Review: Racing and Riding

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In our time racing the wheels we glued on the cross tires with Mastik 1. To keep us comfortable with the 33mm diameter tubulars, I added a layer of cotton tape in the gluing process to build up the rim bed a bit to mate with the tires. The rims have a wider radius than normal (maybe close to a 27-29mm diameter), but still adding a little cross tape makes for a more secure glue bond with better rim:tire contact. We stuck with the same glue for the spring classics setup, but switched over to Tufo tape for the summer riding on training tubulars. That has since been pulled off and we got to fight with removing a year’s worth of adhesives; a story for another time.

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We found no real fault with the wheels throughout our testing. They are a bit heavier than some of the comparable premium carbon tubular wheels we rode in the last year (mostly from the DT Spline range), although with a retail price of $950 they do offer a bit more value. Still, that’s not so cheap, but the wheels have held up.

Part of the weight certainly comes from the large spoke count, while we see a lot of other disc road and cross wheels dropping down to 24 spokes. Looking back on it, the small weight penalty resulted in a very durable and predictably handling wheelset. The same can be said for using the mountain bike hubset. Sure, the hubs are light for the XC crowd, but compared to new light disc road hubs there is extra weight again. The axle flexibility though, was a big benefit as the industry still struggles to settle on one axle standard from year-to-year. It’s probably safe to bet that American Classic will be able to adapt these to what ever standard finally takes hold.

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The wide axle size compatibility came in especially handy as one of the bikes we tested last year – the Storck T.I.X. – had an atypical 9x100mm front and 10x135mm rear thru-axle setup. None of our other disc-tubular wheelsets had the easy flexibility to swap back and forth, so the American Classics got a lot of extra race time (a set of DT Spline wheels could be setup with the Storck and pretty much every other axle standard, but couldn’t be so quickly changed from QR to thru-axles and back.) The tiny aluminum threads on the conversion axles were a bit scary at first, and we would advise ham-fisted mechanics to give a little caution, but by the second time we swapped axles, we had it down to less than 10 minutes per wheel.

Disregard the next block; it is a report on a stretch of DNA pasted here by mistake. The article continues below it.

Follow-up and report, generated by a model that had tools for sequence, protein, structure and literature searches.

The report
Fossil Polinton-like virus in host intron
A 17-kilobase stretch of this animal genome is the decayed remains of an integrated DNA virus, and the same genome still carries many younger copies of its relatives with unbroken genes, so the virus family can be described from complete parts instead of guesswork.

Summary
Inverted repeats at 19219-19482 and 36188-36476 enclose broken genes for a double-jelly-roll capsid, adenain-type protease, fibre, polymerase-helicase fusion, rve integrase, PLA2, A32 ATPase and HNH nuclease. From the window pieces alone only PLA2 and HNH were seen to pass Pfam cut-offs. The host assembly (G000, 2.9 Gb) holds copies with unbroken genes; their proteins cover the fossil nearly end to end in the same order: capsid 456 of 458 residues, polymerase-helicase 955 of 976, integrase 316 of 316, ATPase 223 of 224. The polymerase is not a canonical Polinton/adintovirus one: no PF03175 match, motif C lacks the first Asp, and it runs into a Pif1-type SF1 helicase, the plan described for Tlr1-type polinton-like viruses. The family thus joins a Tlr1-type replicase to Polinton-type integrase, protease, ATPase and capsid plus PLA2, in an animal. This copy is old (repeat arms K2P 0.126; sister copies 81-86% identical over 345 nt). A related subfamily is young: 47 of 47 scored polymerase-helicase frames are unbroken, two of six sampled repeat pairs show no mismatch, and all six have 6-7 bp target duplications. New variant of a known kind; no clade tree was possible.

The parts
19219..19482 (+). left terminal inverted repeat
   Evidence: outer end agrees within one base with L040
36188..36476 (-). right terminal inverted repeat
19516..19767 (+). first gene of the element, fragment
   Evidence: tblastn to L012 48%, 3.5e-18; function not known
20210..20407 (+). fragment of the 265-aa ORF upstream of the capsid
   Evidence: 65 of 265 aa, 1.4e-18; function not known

We’ve done no other maintenance on the wheels, during our test. (We did make sure the axles were clean and greased each time we swapped them.) Not a nipple turned or a bearing repacked. After several trips to the pressure washer (we are reasonably careful; we don’t want wheel bearings to explode on us mid-race) the wheels still spin as freely as new.

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The Aluminum Tubular Disc wheels have taken a year of our abuse in stride. They’ve served us well on cobblestone commutes, gravel Alpine passes, and muddy and frozen cyclocross race courses. And as we are checking over our wheels and gluing up new tubulars, we’d have no second thoughts about sticking on some new tires and thrashing them for another season or two.

AmClassic.com

2 COMMENTS

  1. Seriously, why the stubborn resistance from otherwise good companies to go all-in with thru axles on disc brake bikes? Don’t they get that QRs make rotor alignment more complicated than necessary?